21st Century Formula One: The Social Paddock

There is no doubt that, since its inception, groundbreaking technology has been at the forefront of Formula One. It’s always been about gaining those extra tenths. How? Through exorbitant budgets, a design genius, talented drivers, a committed team? There are so many variables that it’s a matter of these plus more, and perfect timing. And a smidgen luck. Formula One has ploughed into the 21st Century with aplomb, but far from being a technical whizz myself, the 21st Century I’m talking about is this. Social media.

Tweet tweet:

Love it or hate it, social media is here to stay, and the element that is doing overtime on the coal face is Twitter. As soon as you hear a whisper of a rumour in the air, it’s straight to Twitter. Phone, laptop, or via a few desperate smoke signals, all it takes is 140 characters to set the world alight. Carefully chosen you’re retweeted around the globe with a single click…squeeze in a comparison between John Prescott and Christian Horner’s sartorial choices and prepare for battle (from personal experience, this is going to be a battle you will lose. Quickly). To underestimate the power of Twitter is a foolish thing, and this year it’s reached the heady heights of becoming the only way for teams to communicate with fans.

Photo credit: Marussia Virgin Racing Twitter

Narain Karthikeyan declared his return to Formula 1 via his twitter page, and Lewis Hamilton took on the haters. And once you’re logged on you have not only the globe at your fingertips, but access to all aspects of the sport. It’s completely transformed the way we discuss, argue and share all things Formula One (among other non-F1, but equally important things). On the one hand it’s great that the paddock gates have been wedged open, and with some teams taking the time to truly engage their fans it’s another golden era. It’s great to know, but do we now know too much?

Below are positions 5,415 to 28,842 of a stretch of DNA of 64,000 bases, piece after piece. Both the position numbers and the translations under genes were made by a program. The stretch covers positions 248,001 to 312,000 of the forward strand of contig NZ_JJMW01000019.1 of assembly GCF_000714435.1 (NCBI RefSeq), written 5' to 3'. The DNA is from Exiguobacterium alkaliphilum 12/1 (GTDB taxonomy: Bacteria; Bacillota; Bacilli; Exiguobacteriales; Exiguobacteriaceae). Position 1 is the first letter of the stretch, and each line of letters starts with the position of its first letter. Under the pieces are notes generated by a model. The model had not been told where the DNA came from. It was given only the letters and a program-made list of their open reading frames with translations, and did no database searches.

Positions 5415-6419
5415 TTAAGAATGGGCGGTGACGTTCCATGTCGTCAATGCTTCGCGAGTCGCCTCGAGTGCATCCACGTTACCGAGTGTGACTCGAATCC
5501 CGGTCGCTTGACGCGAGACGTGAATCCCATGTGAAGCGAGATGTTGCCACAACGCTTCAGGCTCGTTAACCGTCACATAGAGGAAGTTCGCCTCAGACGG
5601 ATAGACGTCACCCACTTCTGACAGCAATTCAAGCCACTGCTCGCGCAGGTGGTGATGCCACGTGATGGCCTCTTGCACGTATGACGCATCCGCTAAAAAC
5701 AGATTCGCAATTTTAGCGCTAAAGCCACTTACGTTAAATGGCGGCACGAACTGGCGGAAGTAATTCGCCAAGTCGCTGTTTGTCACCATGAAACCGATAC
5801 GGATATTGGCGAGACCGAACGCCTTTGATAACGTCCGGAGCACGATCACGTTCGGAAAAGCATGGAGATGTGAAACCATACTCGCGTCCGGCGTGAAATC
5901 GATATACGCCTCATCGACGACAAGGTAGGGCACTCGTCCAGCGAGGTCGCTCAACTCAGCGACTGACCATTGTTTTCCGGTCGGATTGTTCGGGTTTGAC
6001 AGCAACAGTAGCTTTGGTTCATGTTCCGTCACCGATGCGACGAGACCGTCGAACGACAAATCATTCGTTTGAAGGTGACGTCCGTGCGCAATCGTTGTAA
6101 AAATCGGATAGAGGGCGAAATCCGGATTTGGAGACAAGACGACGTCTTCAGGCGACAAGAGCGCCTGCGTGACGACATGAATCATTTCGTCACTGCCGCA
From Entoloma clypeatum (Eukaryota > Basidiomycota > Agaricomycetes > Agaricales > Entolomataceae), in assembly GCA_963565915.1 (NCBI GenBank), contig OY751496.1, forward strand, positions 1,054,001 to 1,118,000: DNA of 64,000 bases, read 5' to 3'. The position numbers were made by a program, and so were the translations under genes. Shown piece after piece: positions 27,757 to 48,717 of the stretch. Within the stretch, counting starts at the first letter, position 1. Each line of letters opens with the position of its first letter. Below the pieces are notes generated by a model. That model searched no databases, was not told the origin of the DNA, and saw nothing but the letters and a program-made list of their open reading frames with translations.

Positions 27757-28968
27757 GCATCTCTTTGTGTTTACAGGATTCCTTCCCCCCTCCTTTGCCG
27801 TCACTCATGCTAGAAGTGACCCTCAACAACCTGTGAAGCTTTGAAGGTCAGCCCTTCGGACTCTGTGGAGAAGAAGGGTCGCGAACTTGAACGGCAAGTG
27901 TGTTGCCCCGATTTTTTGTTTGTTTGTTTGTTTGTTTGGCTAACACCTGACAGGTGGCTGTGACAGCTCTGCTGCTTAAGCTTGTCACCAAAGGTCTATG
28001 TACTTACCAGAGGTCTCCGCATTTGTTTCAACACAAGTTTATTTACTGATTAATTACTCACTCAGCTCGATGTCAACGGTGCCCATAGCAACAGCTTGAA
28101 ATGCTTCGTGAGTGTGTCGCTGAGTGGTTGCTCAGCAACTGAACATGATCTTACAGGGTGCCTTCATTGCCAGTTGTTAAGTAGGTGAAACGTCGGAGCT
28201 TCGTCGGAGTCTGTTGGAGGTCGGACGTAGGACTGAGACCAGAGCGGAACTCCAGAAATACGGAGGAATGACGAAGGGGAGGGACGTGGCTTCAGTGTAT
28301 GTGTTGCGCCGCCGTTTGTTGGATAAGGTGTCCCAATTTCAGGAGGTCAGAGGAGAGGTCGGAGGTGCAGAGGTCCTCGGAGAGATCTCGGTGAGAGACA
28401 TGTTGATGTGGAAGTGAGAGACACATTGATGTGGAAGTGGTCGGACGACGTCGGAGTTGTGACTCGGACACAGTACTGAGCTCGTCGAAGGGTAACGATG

Here is that double edge sword about technology, with advancements made all the time, expectations increase at a seemingly unstoppable pace. When a team doesn’t send a press release out instantly, the rumour mill spins into action and a stream of alarmist tweets make their way into the world, many are unfounded worries and the result of overexposure (or lack thereof due to the annual F1 drought). Scraps of fact and fiction are waded through, and the collective shakedown usually results in a condensed nugget of truth. Well, until the next McLaren driver moans about pace…

Highlights:

  • Insights into what drivers get up to off-track. Namely dodgy clothes, expansive facial hair and Justin Bieber movies.
  • Outpouring of love for Robert Kubica from teams/drivers/fans/media.
  • #TeamF1, #BEARDWATCH and #CotswoldGrandPrix keeping us entertained during the winter months.
  • Team Lotus and Virgin Racing completely kicking ass by wholeheartedly engaging fans.

The best bit about Twitter has got to be the proximity of the most fervent fans to drivers, team principals, mechanics, cars and even the odd disgruntled employee. Some tweet regularly, others the odd photo, but without a doubt we are now closer to Formula One than we ever have been and probably ever will be.

Blogging all over the world: